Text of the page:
« Reply #10 on: September 14, 2021, 06:16:40 PM »
I don't see anything in that last picture that looks doughy? Are you familiar with proper Neapolitan texture in general? It's not the same as NY-style. Maybe you just don't like NP?
"We make great pizza, with sourdough when we can, baker's yeast when we must, but always great pizza."  
Craig's Neapolitan Garage

Offline billg

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Re: Raw-texture, but not raw?
« Reply #11 on: September 14, 2021, 09:15:09 PM »
 ^^^

Offline Jackitup

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Re: Raw-texture, but not raw?
« Reply #12 on: September 14, 2021, 09:44:24 PM »
I don't see anything in that last picture that looks doughy? Are you familiar with proper Neapolitan texture in general? It's not the same as NY-style. Maybe you just don't like NP?

Nailed it Craig! I have made near perfect NP pies, and my wife is nor overly fond of them, doesn't dislike them just not her favorite.  And a buddy of mine is not a fan at all, wants a cheese bomb, chewy crust pie. He's not interested in any explaination of why or how, just wants cheese and meat and tough chewy crust!
Jon

“The two most important days in your life are the day you are born and the day you find out why.”-----------Mark Twain

"If you don't think you're getting what you should out of life.....maybe you're getting what you deserve."---------The Root Beer Lady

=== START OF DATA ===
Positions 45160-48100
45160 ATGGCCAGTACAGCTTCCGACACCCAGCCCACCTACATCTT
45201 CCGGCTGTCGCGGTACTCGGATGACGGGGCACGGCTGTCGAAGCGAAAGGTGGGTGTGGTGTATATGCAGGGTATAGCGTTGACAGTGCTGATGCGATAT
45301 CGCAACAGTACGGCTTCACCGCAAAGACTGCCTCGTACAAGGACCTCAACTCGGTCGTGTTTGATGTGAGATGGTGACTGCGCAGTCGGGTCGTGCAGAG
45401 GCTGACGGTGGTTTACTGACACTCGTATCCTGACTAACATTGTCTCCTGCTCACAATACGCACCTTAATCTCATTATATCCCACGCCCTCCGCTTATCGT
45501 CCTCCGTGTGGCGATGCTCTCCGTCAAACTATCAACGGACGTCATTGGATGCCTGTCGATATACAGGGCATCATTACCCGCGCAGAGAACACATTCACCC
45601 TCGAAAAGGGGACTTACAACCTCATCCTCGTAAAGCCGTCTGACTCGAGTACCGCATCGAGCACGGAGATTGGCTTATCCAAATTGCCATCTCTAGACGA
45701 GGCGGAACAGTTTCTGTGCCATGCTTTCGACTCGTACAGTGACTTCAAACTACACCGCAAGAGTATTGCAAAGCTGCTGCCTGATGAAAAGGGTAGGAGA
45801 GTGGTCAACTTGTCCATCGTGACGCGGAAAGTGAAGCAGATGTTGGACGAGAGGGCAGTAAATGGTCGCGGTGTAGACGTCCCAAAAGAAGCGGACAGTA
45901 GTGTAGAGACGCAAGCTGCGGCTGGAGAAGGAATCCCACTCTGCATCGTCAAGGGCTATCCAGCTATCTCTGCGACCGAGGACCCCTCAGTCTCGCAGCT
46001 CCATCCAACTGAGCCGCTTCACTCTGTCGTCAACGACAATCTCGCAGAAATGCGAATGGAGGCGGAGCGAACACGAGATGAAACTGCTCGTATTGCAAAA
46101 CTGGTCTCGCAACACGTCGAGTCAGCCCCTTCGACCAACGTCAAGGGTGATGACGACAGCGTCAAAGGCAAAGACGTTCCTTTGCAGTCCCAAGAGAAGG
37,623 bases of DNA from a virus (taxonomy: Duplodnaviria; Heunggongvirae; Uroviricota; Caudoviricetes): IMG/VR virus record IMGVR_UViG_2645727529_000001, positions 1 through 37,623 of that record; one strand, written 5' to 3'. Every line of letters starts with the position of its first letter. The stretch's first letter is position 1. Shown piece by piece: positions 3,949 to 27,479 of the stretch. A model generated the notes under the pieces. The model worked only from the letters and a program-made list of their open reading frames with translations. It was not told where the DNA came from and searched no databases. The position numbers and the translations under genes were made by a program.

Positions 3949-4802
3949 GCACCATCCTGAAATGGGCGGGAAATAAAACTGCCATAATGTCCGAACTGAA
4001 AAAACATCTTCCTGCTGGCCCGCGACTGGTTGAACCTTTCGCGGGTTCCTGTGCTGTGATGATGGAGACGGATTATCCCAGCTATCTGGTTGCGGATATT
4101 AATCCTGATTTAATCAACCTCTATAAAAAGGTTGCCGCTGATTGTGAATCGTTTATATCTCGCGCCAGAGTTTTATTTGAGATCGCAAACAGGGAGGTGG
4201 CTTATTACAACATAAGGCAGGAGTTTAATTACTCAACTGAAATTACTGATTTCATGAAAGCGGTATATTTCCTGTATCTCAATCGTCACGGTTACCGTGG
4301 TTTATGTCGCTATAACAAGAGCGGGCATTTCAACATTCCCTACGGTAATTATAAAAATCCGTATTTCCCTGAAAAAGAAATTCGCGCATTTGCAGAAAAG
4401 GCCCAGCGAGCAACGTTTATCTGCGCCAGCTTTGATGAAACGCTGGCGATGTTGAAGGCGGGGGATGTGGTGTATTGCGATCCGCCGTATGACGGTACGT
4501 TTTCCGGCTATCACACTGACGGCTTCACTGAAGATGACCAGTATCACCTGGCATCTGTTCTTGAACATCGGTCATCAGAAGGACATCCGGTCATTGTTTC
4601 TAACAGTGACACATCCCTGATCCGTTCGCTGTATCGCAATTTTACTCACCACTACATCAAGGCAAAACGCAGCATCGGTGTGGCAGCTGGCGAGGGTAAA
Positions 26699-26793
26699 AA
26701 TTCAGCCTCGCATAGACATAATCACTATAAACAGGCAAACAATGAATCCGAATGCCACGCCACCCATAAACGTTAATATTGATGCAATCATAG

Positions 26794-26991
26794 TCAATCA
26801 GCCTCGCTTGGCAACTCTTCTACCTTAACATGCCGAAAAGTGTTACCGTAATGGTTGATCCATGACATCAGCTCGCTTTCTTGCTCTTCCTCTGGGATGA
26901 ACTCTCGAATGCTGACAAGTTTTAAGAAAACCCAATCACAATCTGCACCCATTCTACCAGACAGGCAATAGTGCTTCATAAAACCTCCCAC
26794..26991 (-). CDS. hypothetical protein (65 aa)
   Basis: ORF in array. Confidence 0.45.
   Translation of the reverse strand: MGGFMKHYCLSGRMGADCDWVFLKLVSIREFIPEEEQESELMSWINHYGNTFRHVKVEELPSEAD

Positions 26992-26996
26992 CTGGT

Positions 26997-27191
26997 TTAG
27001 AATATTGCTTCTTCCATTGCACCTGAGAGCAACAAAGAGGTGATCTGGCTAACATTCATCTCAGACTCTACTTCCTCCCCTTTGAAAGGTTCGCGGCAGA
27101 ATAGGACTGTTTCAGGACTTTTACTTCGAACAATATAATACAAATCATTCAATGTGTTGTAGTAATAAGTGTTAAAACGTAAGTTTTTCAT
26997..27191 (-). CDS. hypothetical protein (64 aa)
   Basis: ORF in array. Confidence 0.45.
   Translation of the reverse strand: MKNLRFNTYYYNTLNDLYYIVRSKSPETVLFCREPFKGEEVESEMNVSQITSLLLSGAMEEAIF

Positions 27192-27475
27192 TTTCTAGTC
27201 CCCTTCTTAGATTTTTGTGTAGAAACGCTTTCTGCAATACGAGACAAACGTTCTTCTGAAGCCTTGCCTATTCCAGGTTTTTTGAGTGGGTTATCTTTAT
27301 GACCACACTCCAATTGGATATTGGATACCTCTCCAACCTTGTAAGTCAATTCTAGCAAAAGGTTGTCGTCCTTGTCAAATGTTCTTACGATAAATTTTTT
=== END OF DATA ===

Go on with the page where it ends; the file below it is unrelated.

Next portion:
"Service to others is the rent you pay for your room here on earth."---------Muhammad Ali

Offline Jackitup

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Re: Raw-texture, but not raw?
« Reply #13 on: September 14, 2021, 10:27:36 PM »
Hi - did another cook last weekend, just got around to posting this now. I tried a 58% hydration dough this time. Definitely noticed a slight difference in the texture, and also the way it cooked - but I still had the doughy texture.

I am able now to get the dough extremely thin before topping, but when it cooks, it just seems to rise up so much.

I'm interested in this under-fermented theory. I wonder if the yeast just has too much activity left in it when I cook it, so rises a lot more and gets thick during cooking. Sort of the pizza equivalent of oven spring. Is this possible?